Cartel Magnate Breaking Bad review
Games

Cartel Magnate – Breaking Bad. review

The slippery slope of a criminal entrepreneur who starts at the bottom of life and rises to become the head of a crime syndicate has been amply described in literature, films and television series. But there aren’t that many gaming adaptations on such fertile ground (and fewer good ones). And Cartel Tycoon confidently fills that niche. And while the “cartel simulator” doesn’t forget to address the ethical aspects of criminal entrepreneurship, it still focuses on the business side of the phenomenon. Business is business, and when colossal cash flows are involved, emotions take a back seat to the ability to manage resources, skillfully lead subordinates, and competently interact with authorities and competitors. If necessary, then with the use of shooting arguments.

    Whether on purpose or not, the authors succeeded in creating social nuances: problems in society, horrendous unemployment and desperation among the citizens lead to crime

The authors succeeded in social appeal: Problems in society, horrendous unemployment and desperation among the citizens lead to crime

Negocio’s son Negocios

Our company starts out on a small scale: with a few farms growing various crops (both illegal opium, coca and cannabis, as well as perfectly legal coffee, avocados and vegetables), and warehouses from which all goods grown are distributed to the next outlets. However, if airports and marinas don’t fall within the scope of storage options, we need to add a transport company to tie our network together. It also pays to ensure that each building remains operational and stocked with all the necessary raw materials and stocks do not crawl above the capacity threshold as this would draw police attention.

Further business development depends on personal preferences and, of course, the desire to establish complex technological processes. In order to create a better (and of course more expensive) range, the production chain must be examined in detail. For example, selling cocaine would require a combination of a coca farm, dryers, and laboratories; a chemical plant is also needed to produce heroin; and to follow in Walter White’s footsteps (exclusively in-game, of course) you need to upgrade the buildings of factories long and hard to be able to cook Metanfetamine.

    It will also not be superfluous to hire a couple of lieutenants - they can transport the “product” and will take part in the struggle for the enterprise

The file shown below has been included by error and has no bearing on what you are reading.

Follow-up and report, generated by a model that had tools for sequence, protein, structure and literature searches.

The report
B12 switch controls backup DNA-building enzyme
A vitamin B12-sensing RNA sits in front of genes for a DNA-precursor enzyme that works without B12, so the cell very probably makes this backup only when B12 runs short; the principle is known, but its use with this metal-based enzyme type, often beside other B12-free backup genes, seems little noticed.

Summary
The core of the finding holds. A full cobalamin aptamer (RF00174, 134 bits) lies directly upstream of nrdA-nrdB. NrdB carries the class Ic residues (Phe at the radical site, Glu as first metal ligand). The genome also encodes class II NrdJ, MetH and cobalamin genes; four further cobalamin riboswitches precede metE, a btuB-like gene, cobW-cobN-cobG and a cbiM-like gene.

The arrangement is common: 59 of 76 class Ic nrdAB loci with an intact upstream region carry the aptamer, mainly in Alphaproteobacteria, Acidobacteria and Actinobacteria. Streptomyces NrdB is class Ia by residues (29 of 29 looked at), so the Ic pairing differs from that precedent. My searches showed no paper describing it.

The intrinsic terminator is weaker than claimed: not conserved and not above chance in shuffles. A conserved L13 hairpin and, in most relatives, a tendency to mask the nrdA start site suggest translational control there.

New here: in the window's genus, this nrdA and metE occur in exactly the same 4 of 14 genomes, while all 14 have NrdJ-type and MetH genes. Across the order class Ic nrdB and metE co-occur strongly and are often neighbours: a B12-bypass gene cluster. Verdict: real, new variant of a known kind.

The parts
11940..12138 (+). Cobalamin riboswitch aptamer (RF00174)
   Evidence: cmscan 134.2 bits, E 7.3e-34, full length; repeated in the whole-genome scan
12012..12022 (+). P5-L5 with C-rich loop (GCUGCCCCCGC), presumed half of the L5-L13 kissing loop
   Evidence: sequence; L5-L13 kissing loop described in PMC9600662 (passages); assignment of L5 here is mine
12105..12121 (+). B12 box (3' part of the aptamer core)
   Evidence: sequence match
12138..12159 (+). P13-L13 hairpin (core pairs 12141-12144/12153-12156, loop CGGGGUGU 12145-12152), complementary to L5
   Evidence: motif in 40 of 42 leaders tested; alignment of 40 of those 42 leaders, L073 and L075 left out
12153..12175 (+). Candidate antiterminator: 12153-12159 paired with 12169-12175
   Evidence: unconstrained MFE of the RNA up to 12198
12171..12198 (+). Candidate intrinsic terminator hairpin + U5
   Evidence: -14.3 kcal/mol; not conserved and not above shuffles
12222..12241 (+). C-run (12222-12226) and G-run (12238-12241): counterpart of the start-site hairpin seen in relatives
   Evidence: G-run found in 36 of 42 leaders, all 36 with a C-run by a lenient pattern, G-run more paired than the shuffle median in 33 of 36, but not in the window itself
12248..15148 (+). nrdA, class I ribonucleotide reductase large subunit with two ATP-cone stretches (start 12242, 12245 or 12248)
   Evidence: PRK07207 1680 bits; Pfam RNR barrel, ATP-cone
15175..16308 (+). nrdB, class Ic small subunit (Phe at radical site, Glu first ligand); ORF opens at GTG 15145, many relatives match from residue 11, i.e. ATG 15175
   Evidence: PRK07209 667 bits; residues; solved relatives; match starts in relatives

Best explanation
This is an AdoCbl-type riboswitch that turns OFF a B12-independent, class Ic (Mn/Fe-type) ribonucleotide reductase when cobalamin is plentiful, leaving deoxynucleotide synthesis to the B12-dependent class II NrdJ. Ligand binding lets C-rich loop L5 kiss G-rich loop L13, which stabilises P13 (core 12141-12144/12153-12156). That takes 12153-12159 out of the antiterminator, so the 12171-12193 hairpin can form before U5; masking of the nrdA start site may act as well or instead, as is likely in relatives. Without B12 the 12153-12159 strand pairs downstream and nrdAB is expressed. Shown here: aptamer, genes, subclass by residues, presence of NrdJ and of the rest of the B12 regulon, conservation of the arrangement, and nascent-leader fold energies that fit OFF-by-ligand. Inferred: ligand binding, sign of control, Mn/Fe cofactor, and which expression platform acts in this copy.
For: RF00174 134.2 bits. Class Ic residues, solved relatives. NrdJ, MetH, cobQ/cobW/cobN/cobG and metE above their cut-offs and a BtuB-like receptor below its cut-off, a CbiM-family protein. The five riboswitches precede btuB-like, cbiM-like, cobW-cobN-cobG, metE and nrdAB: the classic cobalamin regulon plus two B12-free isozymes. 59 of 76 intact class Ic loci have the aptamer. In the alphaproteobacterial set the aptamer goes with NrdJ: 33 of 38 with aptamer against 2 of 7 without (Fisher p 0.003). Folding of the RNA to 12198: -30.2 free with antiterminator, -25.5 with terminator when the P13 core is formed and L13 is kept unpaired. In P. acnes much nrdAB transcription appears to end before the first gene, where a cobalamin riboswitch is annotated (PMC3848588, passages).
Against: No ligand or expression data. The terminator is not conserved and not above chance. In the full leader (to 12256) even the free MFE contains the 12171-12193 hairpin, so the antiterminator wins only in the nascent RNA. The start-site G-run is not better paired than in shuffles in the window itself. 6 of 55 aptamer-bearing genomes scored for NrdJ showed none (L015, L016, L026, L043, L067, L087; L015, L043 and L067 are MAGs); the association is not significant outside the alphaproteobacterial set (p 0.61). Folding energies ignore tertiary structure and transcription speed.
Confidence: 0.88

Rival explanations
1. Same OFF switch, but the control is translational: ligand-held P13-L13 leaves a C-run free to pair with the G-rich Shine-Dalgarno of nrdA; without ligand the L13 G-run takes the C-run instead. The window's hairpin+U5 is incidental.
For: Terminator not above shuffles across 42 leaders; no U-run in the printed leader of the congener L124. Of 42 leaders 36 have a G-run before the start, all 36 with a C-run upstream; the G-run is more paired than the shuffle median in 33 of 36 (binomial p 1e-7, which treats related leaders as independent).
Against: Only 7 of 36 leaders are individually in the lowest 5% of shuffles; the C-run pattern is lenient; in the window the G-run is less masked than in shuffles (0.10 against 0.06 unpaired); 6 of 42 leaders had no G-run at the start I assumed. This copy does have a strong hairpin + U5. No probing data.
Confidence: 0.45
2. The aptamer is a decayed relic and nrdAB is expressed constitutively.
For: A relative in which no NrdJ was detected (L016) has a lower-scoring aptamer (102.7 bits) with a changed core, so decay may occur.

It will also not be superfluous to hire a couple of lieutenants – they can transport the “product” and will take part in the struggle for the enterprise

Such improvements require certain technologies, which can be found in the branching tree of development. It also offers other improvements to virtually every aspect of our business, from increasing sales volumes to creating paved roads that deliver our “products” even faster. And you can also buy a workshop that will pack our illegal goods into completely harmless vegetables. But it will require a colossal amount of net money to start researching this and other key technologies.

Washing up rustling presidents is a nuisance, especially in the early stages of the game when the vast majority of wins are pretty dirty. After all, in order to “launder” money, one must “launder” money – city institutions, where you can arrange a bathing day for dirty savings, are bought exclusively for “honestly acquired” banknotes. If at least one laundry office is not built early, there is a risk of “drowning” in dirty cash, and in this case it is better to start the party all over again. In addition, city buildings have other useful functions – for example, building a cathedral or stadium will increase loyalty among locals as a capo, a university will open the opportunity to study more advanced technologies, and special events can be held in a casino or Salsa club, which makes us a cult figure among the townspeople.

    The mayor may have

The mayor may have “pocket money,” but his services will still cost a pretty penny

People’s love should not be neglected, because this is not a simple indicator that amuses an exorbitant ego, but a serious help in business. The crowd favorite and enemy gangs are less likely to be attacked, and the police are more likely to ignore our affairs, and our lieutenants are more effective in combat. But as soon as this indicator falls to zero, the angry townsfolk will immediately raise the unfortunate capo to the pitchfork.

Roughly the same thing happens when our business is pretty bloody – competitors or the police. With every battle, with every conquest of enemy production, with every crime that an unbalanced lieutenant commits (a separate character trait is responsible for this), the terror indicator grows. And with that, the intensity of the raids by the authorities on our property increases, and distribution channels and production buildings are blocked. And of course, once the scales hit their maximum, the special forces treat the overbearing drug lord with a dose of lead.

    The death of a capo doesn't always mean the end of the game - if you have at least one lieutenant left, the game will continue, although serious damage will be done to our cartel